Fortunately, Mary Jane knew where we were going, so she led the charge down a side street that was so pockmarked, I’d never take a vehicle down it.  When we found where we thought the bitenge would be, we learned that they had shifted.  So a kind gentleman, most likely a broker, took us to where they were.

Our brokers; the one on the right is the one who brought us to the stall; the one on the left did most of the talking.  The woman in the shadow brought and brought and brought...

They were inside a building, down a flight of steps, in a crowded stall of a shop.  Of course, the power was off, so we really couldn’t see.  So the vendors started bringing the bitenge out to where we could see.

Bring they did!  At one point, we must have had 20 or 25 bitenge out.  I was dividing them into piles, yes, no, maybe, on a young woman’s sewing machine.  I felt badly that I was disrupting her work, but since power was off, she may not have been able to sew anyhow.  

A sewing machine is buried under all the bitenge.  I promise.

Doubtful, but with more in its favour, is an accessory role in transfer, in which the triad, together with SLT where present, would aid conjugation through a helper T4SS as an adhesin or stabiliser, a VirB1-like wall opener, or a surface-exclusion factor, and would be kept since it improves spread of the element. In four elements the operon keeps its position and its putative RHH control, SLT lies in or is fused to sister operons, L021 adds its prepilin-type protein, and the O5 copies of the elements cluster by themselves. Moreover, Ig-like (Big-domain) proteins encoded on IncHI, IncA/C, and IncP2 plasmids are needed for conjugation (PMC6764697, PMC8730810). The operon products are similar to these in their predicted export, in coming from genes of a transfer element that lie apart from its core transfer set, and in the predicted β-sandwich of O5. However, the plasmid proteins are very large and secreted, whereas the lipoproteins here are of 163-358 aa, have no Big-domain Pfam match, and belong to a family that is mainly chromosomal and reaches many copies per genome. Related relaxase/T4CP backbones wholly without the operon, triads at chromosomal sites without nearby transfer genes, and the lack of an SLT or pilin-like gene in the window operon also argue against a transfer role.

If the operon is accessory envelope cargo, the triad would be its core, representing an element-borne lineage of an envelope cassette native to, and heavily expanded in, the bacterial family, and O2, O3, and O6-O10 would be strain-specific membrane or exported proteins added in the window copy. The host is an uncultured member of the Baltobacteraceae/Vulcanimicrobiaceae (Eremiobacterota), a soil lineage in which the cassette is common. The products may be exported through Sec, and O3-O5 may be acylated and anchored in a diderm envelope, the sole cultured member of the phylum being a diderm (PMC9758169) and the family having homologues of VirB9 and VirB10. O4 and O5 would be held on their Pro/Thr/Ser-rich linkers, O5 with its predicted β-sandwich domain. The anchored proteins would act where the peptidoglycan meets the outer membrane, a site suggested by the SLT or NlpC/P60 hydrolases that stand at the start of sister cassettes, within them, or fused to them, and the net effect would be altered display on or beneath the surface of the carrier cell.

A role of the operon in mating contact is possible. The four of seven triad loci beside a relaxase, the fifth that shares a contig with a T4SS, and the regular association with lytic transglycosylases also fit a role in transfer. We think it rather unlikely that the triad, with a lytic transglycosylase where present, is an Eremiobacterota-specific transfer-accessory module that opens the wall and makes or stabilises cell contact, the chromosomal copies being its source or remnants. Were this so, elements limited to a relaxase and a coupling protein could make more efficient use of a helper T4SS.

We did see this old Singer like my grandmother had; they are quite handy in a country where you can’t assume that you’ll have electricity, and they’re much easier to repair!

The Singer like my grandmother had; they work beautifully here.
So, I found what I wanted, and the negotiations began.  They asked a price that I expected.  I wanted to get them down 10,000 shillings ($4), though if I’d had a Ugandan with me, I may have been able to get them down 20,000 ($8). 

The bitenge kept coming.  I think I was just a bit overwhelmed at this point.

"Nedda (no), nedda, maybe, nedda, yaa (yes), nedda..."

When negotiating, I have no problem mentioning that I am a musumba (shepherd, interpreted as priest) to encourage merchants to not cheat me.  Later on I bought a chair for my desk at home, and the guy wouldn’t budge on the price.  I told him that I am a musumba, and he refused to make eye contact after, only looking at my driver!  He knew he was cheating me.  We found a middle ground as the rain began, but he got me for 5,000 ($2) than I wanted to pay.

So, the bitenge merchants laughed about my being a musumba, and then Mary Jane chipped in with her Luganda phrases.  I counted the bitenge in Luganda, and I think they somewhat took us as people who live here, not just tourists.  I did get them down the 10,000 I wanted, though it always takes some back and forth.  Bartering is part of building the relationship.  I don't love it, but when in Rome...

We then met some other missionaries that Mary Jane knows for lunch, and I took one of them part way home, and we all got caught in a delightful rainstorm, and it took a little over 3 hours to get home, but all in all, a good and successful day of making memories.

And I have the bitenge and the chair to help me remember.